Viewers: in countries Watching now:
- Creating variables, functions, and loops
- Writing conditional code
- Sending messages to the console
- Working with different variable types and objects
- Creating and changing DOM objects
- Event handling
- Working with timers
- Building smarter forms
- Using regular expressions
We've seen that it's simple to download jQuery so that you have a copy of the file on your site to send to your users. But there is a better way: let somebody else do it. Several companies, including Google and Microsoft, allow you to link to jQuery, and some other common libraries, and get that file directly from their servers. And they don't just have one server but typically a bunch of geographically distributed servers with load balancing and failover, all in a Content Distribution Network, or CDN, so it's almost always faster for the user to get it from one of their servers than from your server.
So if that user then goes to another site and retrieves some HTML and CSS that's also using that same CDN and that same path, the browser will realize, hey, I've already got a copy of that jQuery file. I don't need to download it at all. So I've talked about jQuery here, as it's the most common, but if you want to know what other libraries are available, we'll get in more details, go to code.google.com/apis/libraries.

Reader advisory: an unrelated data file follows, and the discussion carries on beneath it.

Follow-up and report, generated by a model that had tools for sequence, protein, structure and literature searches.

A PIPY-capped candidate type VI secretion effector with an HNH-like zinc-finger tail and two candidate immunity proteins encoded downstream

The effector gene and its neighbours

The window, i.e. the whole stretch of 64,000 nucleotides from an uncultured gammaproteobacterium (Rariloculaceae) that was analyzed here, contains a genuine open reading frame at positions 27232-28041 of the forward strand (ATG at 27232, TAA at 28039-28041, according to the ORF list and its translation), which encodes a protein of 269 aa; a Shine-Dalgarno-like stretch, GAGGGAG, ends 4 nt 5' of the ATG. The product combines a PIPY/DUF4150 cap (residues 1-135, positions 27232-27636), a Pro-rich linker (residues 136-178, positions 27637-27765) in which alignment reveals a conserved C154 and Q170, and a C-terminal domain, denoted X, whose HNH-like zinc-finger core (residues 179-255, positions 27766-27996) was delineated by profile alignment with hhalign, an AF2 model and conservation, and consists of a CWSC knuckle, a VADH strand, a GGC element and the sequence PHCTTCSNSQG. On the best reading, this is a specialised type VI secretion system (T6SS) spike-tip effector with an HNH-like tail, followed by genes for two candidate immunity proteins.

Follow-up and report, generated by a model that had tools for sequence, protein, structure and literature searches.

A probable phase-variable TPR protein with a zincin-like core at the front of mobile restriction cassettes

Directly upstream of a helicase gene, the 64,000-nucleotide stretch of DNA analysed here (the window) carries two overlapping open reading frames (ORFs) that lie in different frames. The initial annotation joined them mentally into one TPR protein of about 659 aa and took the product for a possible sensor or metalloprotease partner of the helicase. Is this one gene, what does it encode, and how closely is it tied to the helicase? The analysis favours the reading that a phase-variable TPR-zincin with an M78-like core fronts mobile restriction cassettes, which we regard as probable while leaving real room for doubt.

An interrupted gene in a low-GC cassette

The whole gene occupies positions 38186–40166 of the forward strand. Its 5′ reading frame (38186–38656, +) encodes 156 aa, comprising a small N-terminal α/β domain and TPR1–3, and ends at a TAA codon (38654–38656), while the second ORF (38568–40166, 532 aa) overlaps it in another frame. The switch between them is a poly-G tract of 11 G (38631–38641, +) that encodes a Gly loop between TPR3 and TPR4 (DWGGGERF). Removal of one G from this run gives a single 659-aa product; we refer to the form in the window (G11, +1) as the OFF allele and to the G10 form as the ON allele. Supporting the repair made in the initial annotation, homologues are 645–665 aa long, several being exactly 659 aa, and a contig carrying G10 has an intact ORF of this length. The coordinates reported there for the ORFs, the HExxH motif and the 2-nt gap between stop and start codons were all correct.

Now one more thing: you'll see that Google makes this path available as https here. That's where it showing up in this list. In fact, it is available as both http and https paths. The main reason it needs to be available as an https address is so you can use it from an encrypted page without the browser complaining that you're using an unencrypted asset on that page. There really is no other benefit to encrypting jQuery; everybody knows what it is.
But if your site needs to link to jQuery from pages at a variety of http and https addresses, one shortcut is that in your link to that file you actually just remove the protocol from the link, so you remove http: or https: and just have the two forward slashes. It looks a little strange, but that will just use whatever protocol the current page is using. And that's all there is to it. The only place I wouldn't use Google's CDN is if I was developing a purely internal intranet site where my users are literally in the same building as the web server.
But otherwise, I highly recommend a CDN as your default way of linking to a library like jQuery. There really are no downsides here.